Hello, friends, this is Meg Casebolt. Uh, before we get into kind of the meat in the bones of this podcast, I wanted to take some time, before we leap into interview mode, and really getting into the nitty gritty of these marketing strategies, and explain to you who I am. So consider this episode to sort of be the origin story, similar to the way that you know, my kids are really into comic book characters and superheroes right now. So it’s similar to the way that most comic books start with that first episode, that is the, you know, the equivalent of spider man having with great power comes great responsibility. the why behind the people do what they do. Now, this podcast as a whole will not be full of origin stories will be much more strategic than storytelling. But I do want to give you an idea of where I’m coming from, because I think that will feed through the the threads of what we’ll be talking about in this podcast. So I was born on a cold February night. I won’t go I won’t go that far back into the actual origin story. Let’s start with, you know, my childhood was really great. I had great parents, I was in a stable environment. And when I went off to college, I recognized the value of having that stability and the value of knowing that I wanted to give back to other people. So after I graduated from college, I started working at nonprofits. I worked a lot at mission and values driven organizations that were really important to me. You know, I worked at places like Big Brothers and Big Sisters, and partners and health and some really great organizations that have huge impacts on their community, because I wanted to be able to see the way that the things and actions that I was taking would have a greater ripple effect on the community at large. My role within them was a fundraising and communications role. So I became sort of like a Jill of all trades, out of necessity, you know, nonprofits don’t have huge budgets. And so I had to do a lot of different things and wear a lot of hats. So I was managing databases and doing email marketing and print design and web design and grant writing. And like very early social media, we’re talking like early aughts social media. And at one point, when I was writing a grant for the nonprofit I was working for I threw in a line item for me to start taking graphic design classes. It made sense at that point for us to stop outsourcing our graphic design and bring it internal. And so that was sort of how I got my start in graphic design, which eventually became my business. While I was working at nonprofits in the Boston area, I was set up on a blind date with this very handsome guy who was in the Navy. And he was stationed in upstate New York. And we did long distance relationship for two years before I moved to New York. And I couldn’t find a nonprofit job that I loved there. So I started working for a sustainable architecture firm, and interior design firm as their marketing director. I loved the position, loved working architecture, we got married, I got pregnant, we sort of sat down and looked at the finances, I had never made more than $50,000 in any of my jobs. My take home pay from the marketing job would have been mostly eaten up by childcare, like it would have been half of my money going to childcare, and I would have been working 8am to 6pm. And it just kind of didn’t make sense for me to continue at that position. So instead, what I did is I leaned on those graphic design skills, and on the network of people that I knew, and I took a leap of faith, which I would always recommend to people as the way that you start your business. I reached out to people who had been my childhood friends and two of my first clients were actually people that I knew from, you know, 25 years prior. One of them ran a web design firm where I was a junior designer Another one worked at a law firm and brought me in to design all of their sponsorship and you know, event design needs. And so I left my job in May 2014. And our first child was born in November of that same year. And in that first year, I didn’t even come close to replacing my income, I think I made like $20,000. But I had my husband’s income as a safety net, and I stayed home with our son part time and worked part time and, and made it all work. Now let’s talk about the privilege of what I just said, first of all, my business did not need to be profitable right away, because I had that support net, I had my husband’s salary that we were able to, to live on, and then mine was extra. And it took me about two years to replace that income to bring in that $50,000. From what I was expecting from my salary. From that last job, I didn’t hit six figures, you know, I didn’t grow six figures in my business for five years. And when I say gross, I mean the full amount of money that I brought in, that’s including all of my expenses. So I actually paid myself about $50,000.05 years in, and I didn’t hit net, six figures. So actually paying myself until two years even after that, I would never have been able to support myself alone, let alone anyone else on what my business was making. So I want to make that clear to begin with, because I think we don’t talk often enough about those of us that are starting businesses and have those safety nets. And a lot of the expectations around business building is that they will be profitable immediately. And I wanted to give you that context of my business that that simply was not the case for me.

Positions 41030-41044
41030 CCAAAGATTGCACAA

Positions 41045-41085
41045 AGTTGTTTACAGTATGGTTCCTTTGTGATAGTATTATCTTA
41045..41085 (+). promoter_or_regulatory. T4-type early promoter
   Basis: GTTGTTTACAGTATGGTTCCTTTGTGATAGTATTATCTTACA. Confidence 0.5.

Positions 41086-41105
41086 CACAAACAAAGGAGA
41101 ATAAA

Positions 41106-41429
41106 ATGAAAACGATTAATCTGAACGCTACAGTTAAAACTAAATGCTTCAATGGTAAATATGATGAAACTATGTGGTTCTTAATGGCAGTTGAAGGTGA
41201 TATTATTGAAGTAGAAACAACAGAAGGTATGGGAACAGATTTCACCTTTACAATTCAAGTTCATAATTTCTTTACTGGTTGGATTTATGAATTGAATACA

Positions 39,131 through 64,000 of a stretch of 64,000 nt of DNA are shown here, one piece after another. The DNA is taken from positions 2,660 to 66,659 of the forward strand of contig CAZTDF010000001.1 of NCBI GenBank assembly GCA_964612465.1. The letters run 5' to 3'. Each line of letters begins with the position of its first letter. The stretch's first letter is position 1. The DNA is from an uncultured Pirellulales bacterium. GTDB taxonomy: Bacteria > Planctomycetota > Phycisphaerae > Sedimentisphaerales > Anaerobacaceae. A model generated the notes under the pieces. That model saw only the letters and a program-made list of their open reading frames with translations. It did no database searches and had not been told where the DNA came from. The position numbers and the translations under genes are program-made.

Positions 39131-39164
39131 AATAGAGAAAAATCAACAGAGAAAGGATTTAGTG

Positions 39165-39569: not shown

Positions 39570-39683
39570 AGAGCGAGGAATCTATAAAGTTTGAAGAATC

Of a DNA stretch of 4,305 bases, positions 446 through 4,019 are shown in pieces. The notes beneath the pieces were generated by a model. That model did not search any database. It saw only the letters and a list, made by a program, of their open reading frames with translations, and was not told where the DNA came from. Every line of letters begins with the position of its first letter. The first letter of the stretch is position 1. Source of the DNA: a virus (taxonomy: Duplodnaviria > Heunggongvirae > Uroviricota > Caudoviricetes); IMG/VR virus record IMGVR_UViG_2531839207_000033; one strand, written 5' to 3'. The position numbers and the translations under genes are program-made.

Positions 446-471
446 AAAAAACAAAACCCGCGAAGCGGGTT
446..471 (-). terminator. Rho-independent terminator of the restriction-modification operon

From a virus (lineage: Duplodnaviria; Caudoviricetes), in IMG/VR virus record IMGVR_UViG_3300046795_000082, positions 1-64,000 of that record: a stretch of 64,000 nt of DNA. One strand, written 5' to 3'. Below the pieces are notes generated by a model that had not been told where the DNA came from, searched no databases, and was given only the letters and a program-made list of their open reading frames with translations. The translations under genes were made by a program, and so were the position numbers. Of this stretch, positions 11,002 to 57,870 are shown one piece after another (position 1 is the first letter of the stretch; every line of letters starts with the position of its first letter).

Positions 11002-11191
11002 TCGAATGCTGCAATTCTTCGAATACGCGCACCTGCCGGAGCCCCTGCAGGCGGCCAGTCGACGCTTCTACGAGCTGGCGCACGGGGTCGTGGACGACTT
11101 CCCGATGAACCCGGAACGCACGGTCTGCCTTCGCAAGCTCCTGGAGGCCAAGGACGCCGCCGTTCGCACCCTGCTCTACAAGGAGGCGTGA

I want this to be a thread through the conversations we’re having here, which is that rags to riches stories are much rarer than slow, sustainable growth stories. Wait, let me clarify that statement. The privilege isn’t actually being in the relationship, it’s the ease with which I can navigate life because we live in a heteronormative culture. But I digress. Let’s talk about some of the other privileges that I’ve mentioned here. Like a network of people that I already knew, who were able to give me work to do, because I’d grown up in this upper middle class suburb, I was set up with my husband by my childhood, next door neighbor, you know, being in this prosperous suburb and having two college educated parents, it opened so many doors for me that I know not everyone has. So I want to acknowledge that in this conversation too, which is that I started a few steps ahead, and it still took me forever to make this business really profitable. That’s, that’s common, that’s normal. I don’t want to perpetuate this myth that every business is profitable right away. In addition to that, my privilege extends even more because of the body I’m in. I am a white woman, I am cisgendered I’m able bodied. I’m in a heterosexual, heterosexual monogamous relationship. All of these are privileges and things that other people may not necessarily have in their favor. So I’m fully acknowledging that in this conversation. Now, let’s go back to that idea of an origin story. You know, I want to wrap my head around that idea. I sort of joked about Spider Man’s origin story at the beginning. Here’s like a spoiler alert from where whenever Spider Man first came out in the 60s, right? Peters Uncle Ben use that phrase, with great power comes great responsibility. And when Peter didn’t take responsibility, his uncle died. Right? That wasn’t too much of a spoiler for you guys, because it’s like literally every Spider Man movie starts. But I do think that motto is applicable here. I was born into privilege. And with that comes the responsibility to help others and to light the way for others, especially those who don’t have the advantages that are working for them in the way that I do when I started my business. And I continue to have now you know, having a really supportive partnership relationship with somebody who, you know, my husband’s impediment is he wants to see me succeed. He’s not emasculated by my success. He wants to help the business be more successful. And not everyone has that as a given in their lives to have that supportive partnership. So I just want to be really clear in this conversation that I that there’s an honesty here that I want to bring to this. And I’m explaining all of this because I want your business to be easier and more profitable, faster than mine was so that you can support yourself and support your family, whatever your family looks like. So I’ll be sharing marketing tips that don’t require you to have venture capital. You don’t need to have a giant audience. Most of the advice that I’ll be sharing from my business will be based On free content and leveraging relationships, and those are the marketing strategies that worked for me, because they don’t require that huge upfront monetary investment. But they can also just take longer than other options that are out there. You know, and lots of business advice out there is based on the idea that you have to grow, and you have to grow fast. And that’s the only way to recognize your success. And I don’t believe that I am here running, quote, unquote, a lifestyle business, which some people will scoff at that term, because it may seem like you’re, you know, playing small, and they may kind of look down on that. But my goal with my business is not to grow the next Amazon at the fastest pace possible and sell it off to the highest bidder. Instead, I’m focused on building a relationship that will help me meet my financial goals, and make an impact in the world through the ways that I am able to support my team and the work that I do with my clients, and maybe the ways that I’m able to share with you. And also, it’s really important to me, that my business is able to support me and my family, through ups and downs, that it’s not a burden, but it’s actually something that is giving us more flexibility and more freedom. In my eight years of running this business, I’ve had two children, which means that I’ve had to self funded maternity leaves, we’ve also moved twice, I’ve dealt with illness that required a surgery to fix, I lost a parent and I was able to step away from the business to be with him. And through all of that I’ve built my business to have these systems and strategies that allow it to run without my constant attention, because I’ve needed to step away. And when I need to step away, I don’t want things to come to a screeching halt, and then feel like I have to restart the bicycle, you know, I want things to be able to move smoothly in the background, even if I’m not constantly attending to the business. And when I’m interviewing my guests in these future podcast episodes, my intention is to get to the bottom of what their marketing actually looks like, and actually feels like for them, I’m going to try to ask them how much time it takes what their success looks like. If they are, you know, investing time or money into these marketing strategies, I want to know how much they spent, and what percentage of people bought, I want you to have a really transparent look at how these tactics work, not those seven figures, Rags to Riches launch tales that don’t reveal that they secretly had, you know, outside funding to pay for full time employees, and they can just pretend that everything was perfect the first time around, and then promise that you can do it. But without having that, you know, network of people, those full time employees, all you need is their course, that just doesn’t feel fair to me, we’re also going to be talking in this podcast about the ways that you can market and run your business in a way that supports your mental health. Your marketing strategy shouldn’t be one of the reasons that you need to go to therapy. It shouldn’t be more of a stress to you than any of the other things in your life, it should make your life easier. I’ll also be talking to neurodivergent entrepreneurs who have had to find ways to run their marketing in ways that works for their brain. So in all of these, we won’t just be talking about the quantitative numbers of you know, what is your acquisition strategy? And what is your conversion rate, although I will certainly ask those questions, but also the qualitative metrics of how are you taking care of yourself through all of this? And if you had a particular launch that sent you into burnout mode? How did you back off from that? How did you make it feel better in a way that is more sustainable and supportive to what you need as a person not just as a business owner, but trying to take into account through all of these conversations, that we are people running businesses, and we need to take care of ourselves just as much as we need to take care of bringing in a certain income level. So I hope that this overview to my approach to my perspective into why I am asking the questions that I will be asking it gives you an idea of what to expect from these future